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GameMaster
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A Journal of a GameMaster (GM), an IMMortal (IMM), and a DungeonMaster (DM).

2004-04-26
 
Kings and Crowns
I just want to share a good article about "Richard Garriott" who pioneered MMORPGs and gave the term "GM" or "GameMaster".

Quoted from: Kings and Crowns.




December 12, 2001 Posted: 1347 GMT


By Staff Writer Chris Morris


NEW YORK (CNNmoney) -- The first time I saw Richard Garriott, it was 1996. He was wearing a cape made of crushed velvet and a crown � and the moment he walked through the door, a fan shoved a camera in my hand and begged me to snap a picture of the two of them. "This," I thought, watching Garriott assume a regal air, "is the man who sparked a revolution in computer gaming?!?"

Indeed, if you've ever played a role-playing game on your PC (or your gaming console, for that matter), you have Garriott in part to thank for it. His "Ultima" series, first published in 1980, turned into the first massively multiplayer online role playing game. More than 200,000 people in the United States regularly assume alternate identities in Garriott's medieval land of swords, sorcery and a looming evil that must be conquered. Now Garriott -- and his online persona "Lord British" -- want to conquer the world.

Garriott left software maker Electronic Arts, which had purchased "Ultima" in 1993, last year. Now he has signed on with NCSoft, the Korean game company behind "Lineage." Launched in 1998, the game now has 4 million active subscriptions, roughly 17 times as many as "Ultima Online." But until recently, the number of U.S. players has been virtually zero.

Garriott, as an executive producer, and NCSoft have spent the past six months revising the game for Western audiences and trying to get their game in front of them.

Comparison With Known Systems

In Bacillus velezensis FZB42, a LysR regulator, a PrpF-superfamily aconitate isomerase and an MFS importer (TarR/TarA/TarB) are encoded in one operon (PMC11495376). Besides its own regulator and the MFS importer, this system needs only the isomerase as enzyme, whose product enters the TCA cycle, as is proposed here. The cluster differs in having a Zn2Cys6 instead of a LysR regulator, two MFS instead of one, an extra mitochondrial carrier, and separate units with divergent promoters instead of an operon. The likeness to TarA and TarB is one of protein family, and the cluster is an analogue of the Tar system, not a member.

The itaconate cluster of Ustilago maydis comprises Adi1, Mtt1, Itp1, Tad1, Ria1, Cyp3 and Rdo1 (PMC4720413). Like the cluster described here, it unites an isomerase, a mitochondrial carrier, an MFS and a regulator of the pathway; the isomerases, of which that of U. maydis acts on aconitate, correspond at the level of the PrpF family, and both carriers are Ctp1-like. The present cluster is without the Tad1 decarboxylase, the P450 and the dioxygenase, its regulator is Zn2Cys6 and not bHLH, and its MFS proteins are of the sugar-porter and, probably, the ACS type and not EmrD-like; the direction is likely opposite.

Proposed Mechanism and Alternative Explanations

Shelf space in retail stores for new games isn't easy to get. New releases from major publishers like EA get priority over small companies' games. So Garriott and NCSoft are mostly forgoing that channel. In fact, you'll find the game at only one retailer, Electronics Boutique. And there you'll find it next to the cash register (probably just to the left of the "Get 700 Hours Free" AOL disk).

Sold for just $3, compared with $50 or so for most games, "Lineage" makes its money on the backend, charging players $15 per month or $45 for four months. EB gets a $10 bounty for each customer who becomes a subscriber to the game. NCSoft also is distributing 1 million copies of the game through magazines, and Garriott hopes to set up bounty deals there, too. The company also wants to set up distribution deals with broadband service providers in the U.S. (NCSoft already has a deal with Yahoo! Broadband in Japan.)

To stoke interest, Garriott is pulling out the cape and crown again � though mainly in a virtual sense. Lord British will walk the lands in "Lineage" a couple times a week for the next month, interacting with players and helping advance the current storyline, dubbed "The Bloodpledge". It's familiar ground for Lord British, filled with castles, dragons and magicians.

When he's not online, Garriott is developing his next game, code-named "Tabula Rasa", and working on a plan to distribute independent developers' games and turn NCSoft into a powerhouse publisher in the U.S. With $50 million cash in the bank, the company can buy solid titles.

The ultimate plan? To go public in the U.S. NCSoft already is traded in South Korea, and hit a record high just this week. The company hopes to co-list in America in mid- to late-2002. It probably could do so now, but Garriott said "the time to do that is when we can show we're not a one-trick pony."




It's an old article but worth reading. The date this was posted was on "December 12, 2001".



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